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Ernest Cook Poole (January 23, 1880 – January 10, 1950) was an American journalist, novelist, and playwright. Poole is best remembered for his sympathetic first-hand reportage of revolutionary Russia during and immediately after the Revolution of 1905 and Revolution of 1917 and as a popular writer of proletarian-tinged fiction during the era of World War I and the 1920s.
Poole was the winner of the first Pulitzer Prize for Fiction, awarded in 1918 for his book, His Family.
Ernest Cook Poole was born in Chicago, Illinois, on January 23, 1880, to Abram Poole and Mary Howe Poole. His Wisconsin-born father was a successful commodities trader at the Chicago Board of Trade, his mother hailed from a well-established Chicago family; together they raised 7 children.
Poole was educated at home until he was almost 7 years old, at which time he was enrolled in Chicago's University School for Boys. There he first showed a proclivity for the written word, working briefly on the staff of the school newspaper. He had a privileged youth, spending summers at the family's seasonal home at Lake Forest, on the shores of Lake Michigan. The family's Michigan Avenue home in Chicago was populated with servants, including gardeners and governesses, and he grew up in proximity of the scions of the city elite, including young relatives of Cyrus McCormick and Abraham Lincoln.
Following high school graduation, Poole, an accomplished violinist, took a year off to study music, with a view to becoming a professional composer. He found the process of writing music difficult, however, and — inspired by his literary-oriented and story-telling father — turned his attention to the written word as a possible profession.
After his year-long escape from formal education, Poole moved to Princeton, New Jersey to attend Princeton University, where he attended courses in political science taught by Woodrow Wilson. There he continued to demonstrate an interest in journalism and fiction writing, working on the staff of the school's daily newspaper, The Prince — before finding straight journalism tedious. He moved from nuts-and-bolts journalism to the arts, contributing material to the campus literary magazine, The Lit, and penning two librettos for the illustrious Princeton Triangle Club, although both were rejected.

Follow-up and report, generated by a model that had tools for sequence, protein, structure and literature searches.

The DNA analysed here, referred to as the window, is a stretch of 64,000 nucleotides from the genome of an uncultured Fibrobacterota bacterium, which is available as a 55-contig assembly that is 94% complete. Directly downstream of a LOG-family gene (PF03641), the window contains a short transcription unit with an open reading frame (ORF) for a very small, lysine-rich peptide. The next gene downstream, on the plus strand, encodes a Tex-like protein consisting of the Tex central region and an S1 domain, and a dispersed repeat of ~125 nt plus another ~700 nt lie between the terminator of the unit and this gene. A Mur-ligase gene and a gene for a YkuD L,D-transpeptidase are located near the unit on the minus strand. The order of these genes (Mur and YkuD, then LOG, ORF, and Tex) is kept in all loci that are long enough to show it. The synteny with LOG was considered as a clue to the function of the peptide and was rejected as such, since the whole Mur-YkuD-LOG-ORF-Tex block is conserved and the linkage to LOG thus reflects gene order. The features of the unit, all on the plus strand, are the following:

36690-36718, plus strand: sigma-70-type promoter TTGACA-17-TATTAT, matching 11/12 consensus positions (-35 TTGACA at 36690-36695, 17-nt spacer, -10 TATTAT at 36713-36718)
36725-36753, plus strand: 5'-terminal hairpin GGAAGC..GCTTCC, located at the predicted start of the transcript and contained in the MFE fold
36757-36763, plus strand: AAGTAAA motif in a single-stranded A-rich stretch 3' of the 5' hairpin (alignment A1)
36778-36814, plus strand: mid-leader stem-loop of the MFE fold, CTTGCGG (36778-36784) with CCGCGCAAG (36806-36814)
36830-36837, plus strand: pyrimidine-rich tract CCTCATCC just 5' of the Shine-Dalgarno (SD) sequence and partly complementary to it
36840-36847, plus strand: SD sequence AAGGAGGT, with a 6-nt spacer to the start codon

It was at Princeton that Poole was influenced to the ideas of progressive reform associated with the burgeoning muckraker movement, with the book How The Other Half Lives by Jacob Riis playing a particularly pivotal role in the evolution of Poole's worldview. He also read translations of Russian classics by Leo Tolstoy and Ivan Turgenev, which deeply impressed Poole for their realistic style and aroused what would become a lifelong interest in him in the authors' native land.
Poole graduated from Princeton cum laude in 1902 and immediately moved to New York City to live in the University Settlement House on the city's impoverished Lower East Side. During his stint as a settlement worker, Poole gained the notice of editors at McClure's Magazine for an article he wrote on the social situation in New York's Chinatown district and authored a report for the New York Child Labor Committee on the continuing child labor problem.
Pushed by the Child Labor Committee to seek publicity by rewriting some of his lurid anecdotes of the life of street urchins, Poole wrote an article that early in 1903 found its way into the fledgling muckraking magazine, McClure's. Payment for the freelance effort was received and confidence boosted. The next phase of Poole's life, that of a professional writer, had begun.
Headstrong and confident, Poole immersed himself in his passion, fiction, while still ensconced as a settlement worker. Three short stories were immediately penned and sent out to various New York magazines — only to be returned with letters of rejection. Poole retreated to writing short works of investigative journalism on the boys of the city streets and met with better success, seeing print for one piece in Collier's and two others in the New York Evening Post.
Poole's settlement house was active teaching classes and housing club groups during the day. In the evenings it hosted a steady stream of guests, including some of the most famous progressive activists of the day, including social worker Jane Addams, journalist Lincoln Steffens, British author H. G. Wells and left wing politicians Keir Hardie and Ramsay MacDonald, as well as renowned attorney Clarence Darrow. Acquaintances were made and ideas absorbed by Poole, who increased in commitment to attempt to the wrongs of society through intelligent social reform.